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Balancing Chemical Equations. Part II. Balancing Chemical Reactions. Follow these steps 1. Check for diatomic gases 2. Balance formulas of compounds 3. Conservation of atoms 4. Add coefficients if needed 5. Conservation of Mass.

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balancing chemical reactions
Balancing Chemical Reactions

Follow these steps

1. Check for diatomic gases

2. Balance formulas of compounds

3. Conservation of atoms

4. Add coefficients if needed

5. Conservation of Mass

a check for diatomic gases
A. Check For Diatomic Gases
  • Diatomic Gases – molecules containing only two atoms.
  • You must include the subscript “2” when the symbol is written by itself.
  • Seven Diatomic Gases

nitrogen, N2 bromine, Br2

oxygen, O2 iodine, I2

fluorine, F2 hydrogen, H2

chlorine, Cl2

Name One Frozen Clam Broke In Hawaii

diatomic gases
Diatomic Gases

Example H2(g) + O2(g) → H2O(g)

Hydrogen and oxygen are diatomic gases when written ALONE.

You must include the subscript “2”.

Note: The equation isn’t balanced.

balancing a decomposition equation
Balancing A Decomposition Equation
  • Check for diatomic gases

H2O(ℓ) → H + O

Diatomic gases: hydrogen & oxygen.

Add a subscript “2” to each

H2O(ℓ) → H2(g) + O2(g)

b check the formulas of compounds
B. Check The Formulas of Compounds
  • The compound in the equation is water.
  • The formula is balanced.

H2O(ℓ) → 2H2(g) + O2(g)

c same elements on both sides
C. Same Elements on Both Sides

H2O(ℓ) → H2(g) + O2(g)

Reactants Products

hydrogen hydrogen

oxygen oxygen

d conservation of atoms
D. Conservation of Atoms

H2O(ℓ) → 2H2(g) + O2(g)

2 – H 2 - H

1 – O 2 – O

Atoms aren’t conserved. Equation isn’t balanced.

e balanced equation
E. Balanced Equation

2H2O(ℓ) → 2H2(g) + O2(g)

The coefficients “2” are placed in front of water,

and hydrogen.

4 – H 4 – H

2 – O 2 – O

The equation is balanced.

f law of conservation of mass
F. Law of Conservation of Mass

Mass of Reactants = Mass of Products

2H2O(ℓ) → 2H2(g) + O2(g)

2(18 g) = 4 g + 32 g

36 g = 36 g

Equation is balanced.

balancing a synthesis equation
Balancing A Synthesis Equation
  • Equation: Na + Cl → NaCl

A. Diatomic Gas: Cl is a diatomic gas.

Na isn’t a diatomic gas.

Na is a metal.

Na + Cl2 → NaCl

Formula of compound balanced? Yes. Na+Cl-

balancing a synthesis equation1
Balancing A Synthesis Equation
  • Put a “2” in front of the Na and a “2” in front of

NaCl. Check number of each element again.

2Na + Cl2 → 2NaCl

Na = 2 Na = 2

Cl = 2 Cl = 2

The equation is balanced.

balancing a synthesis equation2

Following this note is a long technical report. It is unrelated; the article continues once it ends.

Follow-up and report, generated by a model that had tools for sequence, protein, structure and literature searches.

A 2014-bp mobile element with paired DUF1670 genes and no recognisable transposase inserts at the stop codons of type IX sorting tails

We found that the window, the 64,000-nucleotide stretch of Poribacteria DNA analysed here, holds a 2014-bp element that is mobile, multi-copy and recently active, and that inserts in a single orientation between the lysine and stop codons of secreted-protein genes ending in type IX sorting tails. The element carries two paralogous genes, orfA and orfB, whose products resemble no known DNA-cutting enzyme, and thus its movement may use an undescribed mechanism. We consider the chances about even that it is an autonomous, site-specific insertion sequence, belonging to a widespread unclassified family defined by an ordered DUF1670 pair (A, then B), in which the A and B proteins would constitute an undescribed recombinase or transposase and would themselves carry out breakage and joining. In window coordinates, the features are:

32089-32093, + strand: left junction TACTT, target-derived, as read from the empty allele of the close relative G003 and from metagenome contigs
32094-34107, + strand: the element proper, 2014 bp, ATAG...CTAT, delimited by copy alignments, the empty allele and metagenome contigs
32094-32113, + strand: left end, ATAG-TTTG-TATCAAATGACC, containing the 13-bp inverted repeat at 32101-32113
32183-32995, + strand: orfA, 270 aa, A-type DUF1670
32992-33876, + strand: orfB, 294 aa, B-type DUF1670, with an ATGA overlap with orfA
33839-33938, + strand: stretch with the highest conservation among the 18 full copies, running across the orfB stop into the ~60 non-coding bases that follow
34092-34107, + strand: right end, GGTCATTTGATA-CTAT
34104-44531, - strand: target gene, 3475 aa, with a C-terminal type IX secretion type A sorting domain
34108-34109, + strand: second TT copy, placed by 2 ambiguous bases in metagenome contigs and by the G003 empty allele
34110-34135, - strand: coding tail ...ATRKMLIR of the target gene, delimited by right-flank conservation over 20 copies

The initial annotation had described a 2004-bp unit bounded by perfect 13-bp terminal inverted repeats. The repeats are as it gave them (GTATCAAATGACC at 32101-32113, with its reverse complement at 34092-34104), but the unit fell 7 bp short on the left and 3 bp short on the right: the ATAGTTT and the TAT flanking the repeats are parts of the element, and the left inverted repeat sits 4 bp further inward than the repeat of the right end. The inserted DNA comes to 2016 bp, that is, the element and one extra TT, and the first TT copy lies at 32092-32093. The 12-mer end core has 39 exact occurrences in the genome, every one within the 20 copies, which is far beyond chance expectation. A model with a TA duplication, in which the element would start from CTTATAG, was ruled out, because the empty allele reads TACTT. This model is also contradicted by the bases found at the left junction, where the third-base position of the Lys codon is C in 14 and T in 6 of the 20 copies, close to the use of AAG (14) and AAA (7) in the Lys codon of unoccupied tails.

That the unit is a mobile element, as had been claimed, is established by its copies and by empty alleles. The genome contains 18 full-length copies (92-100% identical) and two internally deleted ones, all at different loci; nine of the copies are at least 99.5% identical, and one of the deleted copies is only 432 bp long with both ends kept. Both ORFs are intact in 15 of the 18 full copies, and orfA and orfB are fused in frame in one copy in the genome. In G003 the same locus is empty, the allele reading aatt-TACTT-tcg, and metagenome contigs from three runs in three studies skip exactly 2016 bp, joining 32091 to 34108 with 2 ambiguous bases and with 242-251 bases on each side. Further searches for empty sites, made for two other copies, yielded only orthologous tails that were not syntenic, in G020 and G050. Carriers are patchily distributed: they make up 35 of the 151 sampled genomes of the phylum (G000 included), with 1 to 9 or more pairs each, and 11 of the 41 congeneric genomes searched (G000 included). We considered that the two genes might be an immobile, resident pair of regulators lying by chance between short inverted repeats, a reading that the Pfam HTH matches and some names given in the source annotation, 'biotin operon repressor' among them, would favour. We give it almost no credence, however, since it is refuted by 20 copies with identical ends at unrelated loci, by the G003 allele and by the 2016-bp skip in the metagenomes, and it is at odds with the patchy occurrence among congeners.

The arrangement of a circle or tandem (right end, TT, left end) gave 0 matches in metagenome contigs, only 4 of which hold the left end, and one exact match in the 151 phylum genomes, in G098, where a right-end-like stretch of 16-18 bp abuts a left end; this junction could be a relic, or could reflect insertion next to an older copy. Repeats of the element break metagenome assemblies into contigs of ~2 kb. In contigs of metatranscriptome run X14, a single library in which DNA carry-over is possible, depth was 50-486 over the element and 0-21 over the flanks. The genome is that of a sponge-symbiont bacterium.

Balancing A Synthesis Equation
  • Check number of each element on both

sides.

Na + Cl2 → NaCl

Na = 1 Na = 1

Cl = 2 Cl = 1

Not Balanced.

balancing a synthesis equation3
Balancing A Synthesis Equation

D. Conservation of Mass

2Na + Cl2 → 2NaCl

(2 x 23)g + 71g = 2(23 + 35.5)g

117 g = 117 g

balancing a single replacement equation
Balancing A Single Replacement Equation
  • Same elements on both sides

NaI + F2(g) → NaF + I2(g)

sodium sodium

iodine iodine

fluorine fluorine

balancing a single replacement equation1
Balancing A Single Replacement Equation
  • Check for diatomic gases

NaI + F → NaF + I

F and I are diatomic gases.

Add “2” as a subscript on both.

NaI + F2(g) → NaF + I2(g)

balancing a single replacement equation2
Balancing A Single Replacement Equation
  • Balance the formulas of compounds

+ - + -

Na I + F2(g) → Na F + I2(g)

The compounds, NaI and NaF are balanced.

balancing a single replacement equation3
Balancing A Single Replacement Equation
  • Same number of atoms or ions on both sides

NaI + F2(g) → NaF + I2(g)

1 – Na 1 – Na

1 – I 2 – I

2 – F 1 – F

Equation is incorrect.

balancing a single replacement equation4
Balancing A Single Replacement Equation

“2” is needed in front of NaI and NaF.

2NaI + F2(g) → 2NaF + I2(g)

2 – Na 2 – Na

2 – I 2 – I

2 – F 2 – F

Equation is correct.

balancing a single replacement equation5
Balancing A Single Replacement Equation

E. Same mass on both sides

2NaI + F2(g) → 2NaF + I2(g)

2(23 + 127)+ 2(19) = 2(23 + 19) + 2(127)

338 g = 338 g

balancing a double replacement equation
Balancing A Double Replacement Equation

A. Check for diatomic gases.

Fe S(s) + H Cl(aq) → HS(g) + Fe Cl(aq)

No diatomic gases. Chlorine isn’t ALONE.

b check the formulas of compounds1
B. Check The Formulas of Compounds

All formulas must be balanced.

Incorrect:

2+ 2- + - + 2- 2+-

Fe S(s) + H Cl(aq) → HS(g) + Fe Cl(aq)

Correct:

2+ 2- + - 2+ 2- 2+ 2-

Fe S(s) + H Cl(aq) → H2 S(g) + Fe Cl2(aq)

c same elements on both sides1
C. Same Elements on Both Sides

FeS(s) + HCl(aq) → H2S(g) FeCl2(aq)

iron iron

sulfur sulfur

hydrogen hydrogen

chlorine chlorine

d conservation of atoms1
D. Conservation of Atoms

The number of ions or atoms each element must be the same on both sides

Fe S(s) + H Cl(aq) → H2 S(g) + Fe Cl2(aq)

Reactants Products

Fe =1 Fe = 1

S = 1 S = 1

H = 1 H = 2

Cl = 1 Cl = 2

This equation is incorrect.

d what s needed
D. What’s Needed?
  • We need 2 hydrogen and 2 chlorine.
  • You can’t write in subscripts. This is incorrect. H2Cl2. This formula isn’t balanced. Hydrogen and chlorine are written with the subscript “2” when they are alone in an equation.
  • You must write the 2 in front of HCl as a coefficient.
  • You have 2-H and 2-Cl.
e balanced equation1
E. Balanced Equation

Balanced Formula

Fe S(s) + 2HCl(aq) → H2S(g) + FeCl2(aq)

Reactants Products

Fe =1 Fe = 1

S = 1 S = 1

H = 2 H = 2

Cl = 2 Cl = 2

This equation is correct.

f law of conservation of mass1
F. Law of Conservation of Mass

Calculate the total molar mass on each side.

They must be equal.

Fe S(s) + 2HCl(aq) → H2S(g) + FeCl2(aq)

(56+32) + (2 + 71) = (2 +32) + (56 + 71)

88g + 73g = 34g + 127g

161g = 161g